Or black it out completely.
Heart-to-heart conversations with the people around us can help to heal not only ourselves but those we may have inadvertently hurt through our behavior.
This is true for everyone — not just alcoholics.
- Join a group or league activity — and fake it till you make it (if you have to):
It might not seem like it right now, but there are tons of sober activities you can do to take your mind off of alcohol, help you to stay committed to your sobriety, and ease your loneliness.
But such activities might be best undertaken in a group setting that gets you out of the house — especially if you live alone — and gives you an opportunity to spend time with others who are not drinking.
Join a local basketball or bowling league — provided it’s held in an alcohol-free bowling alley. Take cooking or pottery classes. Enroll in a Spanish class or if you’re into comedy, hook up with an improv group.
By doing this, you will have something to fill the hours of your day and you might even make some friends in the process.
But what if you’re just not feeling it? Folks who get involved in group activities tend to be happy, optimistic, enthusiastic, and “fun.”
You might not feel like a “fun” person unless you’ve had a drink or two. But you can be, with the right mindset.
The phrase, “fake it till you make it,” means that through the act of imitation — whether you’re imitating optimism, confidence, joy, or general know-how — you can gain those qualities for real.
I’m not saying you have to fake every aspect of your life — you don’t want to squash your authenticity or change yourself entirely.
But if you “fake” being happy or optimistic, especially when you’re first getting out there and joining groups for fun, you might just find yourself becoming happier and more hopeful as time goes on — and as you build solid social connections with others in sober environments.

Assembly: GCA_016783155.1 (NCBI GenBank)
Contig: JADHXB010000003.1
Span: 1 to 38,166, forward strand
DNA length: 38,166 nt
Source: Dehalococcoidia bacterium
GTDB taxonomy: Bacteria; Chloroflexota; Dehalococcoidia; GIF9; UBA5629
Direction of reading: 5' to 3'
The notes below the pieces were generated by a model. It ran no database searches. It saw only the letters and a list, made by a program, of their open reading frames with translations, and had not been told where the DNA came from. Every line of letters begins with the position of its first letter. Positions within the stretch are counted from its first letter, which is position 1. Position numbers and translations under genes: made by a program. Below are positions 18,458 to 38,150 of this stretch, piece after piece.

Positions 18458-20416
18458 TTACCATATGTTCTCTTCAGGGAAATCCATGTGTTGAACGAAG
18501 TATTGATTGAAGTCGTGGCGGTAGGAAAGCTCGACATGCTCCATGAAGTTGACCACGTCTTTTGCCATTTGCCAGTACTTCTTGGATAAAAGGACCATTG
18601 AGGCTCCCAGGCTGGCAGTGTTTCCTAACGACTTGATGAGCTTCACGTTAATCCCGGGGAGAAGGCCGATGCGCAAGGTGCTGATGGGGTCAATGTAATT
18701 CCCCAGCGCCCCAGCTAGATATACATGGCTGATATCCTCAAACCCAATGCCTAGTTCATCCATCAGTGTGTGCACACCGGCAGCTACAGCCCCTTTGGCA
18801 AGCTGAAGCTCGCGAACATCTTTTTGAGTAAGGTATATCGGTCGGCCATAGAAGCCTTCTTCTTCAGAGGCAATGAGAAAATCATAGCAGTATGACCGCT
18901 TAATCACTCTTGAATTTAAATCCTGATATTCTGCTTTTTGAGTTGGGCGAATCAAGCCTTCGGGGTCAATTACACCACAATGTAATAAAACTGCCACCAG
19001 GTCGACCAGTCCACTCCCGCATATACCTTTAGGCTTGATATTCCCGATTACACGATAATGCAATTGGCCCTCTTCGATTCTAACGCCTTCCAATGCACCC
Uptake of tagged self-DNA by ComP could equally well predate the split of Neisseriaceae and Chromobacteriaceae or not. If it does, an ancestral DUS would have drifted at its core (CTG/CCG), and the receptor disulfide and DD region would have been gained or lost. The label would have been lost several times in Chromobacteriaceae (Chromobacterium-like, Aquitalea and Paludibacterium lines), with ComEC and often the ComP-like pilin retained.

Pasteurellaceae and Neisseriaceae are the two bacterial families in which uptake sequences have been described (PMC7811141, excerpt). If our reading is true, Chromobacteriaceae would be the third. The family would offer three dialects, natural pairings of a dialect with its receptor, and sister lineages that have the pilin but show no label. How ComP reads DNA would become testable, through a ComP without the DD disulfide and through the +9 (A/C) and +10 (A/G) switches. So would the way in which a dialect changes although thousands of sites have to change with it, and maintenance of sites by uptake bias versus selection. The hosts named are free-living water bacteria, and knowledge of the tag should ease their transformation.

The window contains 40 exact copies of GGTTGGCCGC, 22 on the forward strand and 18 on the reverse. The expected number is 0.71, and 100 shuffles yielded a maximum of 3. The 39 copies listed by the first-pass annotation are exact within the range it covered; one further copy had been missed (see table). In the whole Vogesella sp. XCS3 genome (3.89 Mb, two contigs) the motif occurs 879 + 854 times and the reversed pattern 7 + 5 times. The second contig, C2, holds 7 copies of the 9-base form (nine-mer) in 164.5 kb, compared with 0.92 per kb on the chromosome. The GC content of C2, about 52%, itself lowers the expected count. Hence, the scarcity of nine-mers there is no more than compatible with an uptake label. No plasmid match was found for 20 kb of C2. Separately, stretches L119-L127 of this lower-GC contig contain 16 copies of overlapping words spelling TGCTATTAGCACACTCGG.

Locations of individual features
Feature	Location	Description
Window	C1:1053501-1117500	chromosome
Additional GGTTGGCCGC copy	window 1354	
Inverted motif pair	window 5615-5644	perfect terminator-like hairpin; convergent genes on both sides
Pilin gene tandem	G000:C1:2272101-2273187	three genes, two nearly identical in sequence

- See a therapist or counselor:
It can feel like you have to struggle through your alcoholism loneliness by yourself, but there are many therapists that specialize in exactly what you are going through.
The process of finding a therapist can be intimidating, but once you do, talking things through with an objective and unbiased party can take a real weight off of your shoulders.
The National Institute on Alcohol Abuse and Alcoholism has a number of resources relating to treatment.
If you feel it’s time to consider inpatient or outpatient rehab, American Addiction Centers can help you find the program that will best suit your needs.
If you are struggling with your drinking and looking for more resources, call the Substance Abuse and Mental Health Services Administration at 1-800-662-HELP or check out their website.
Alcoholism is a disease that many are predisposed to but the stigma that surrounds it makes outsiders look at those who suffer from it as weak or selfish.
Your addiction might also make it harder to maintain your friendships and support network, particularly if you have to remove yourself from social activities that tend to involve alcohol.
But if you’re struggling with loneliness and alcohol addiction, you’re not alone — and these feelings won’t last forever.
Even if it’s painful to admit your addiction and loneliness to others — or yourself — this is a battle that can be won, and you deserve happiness.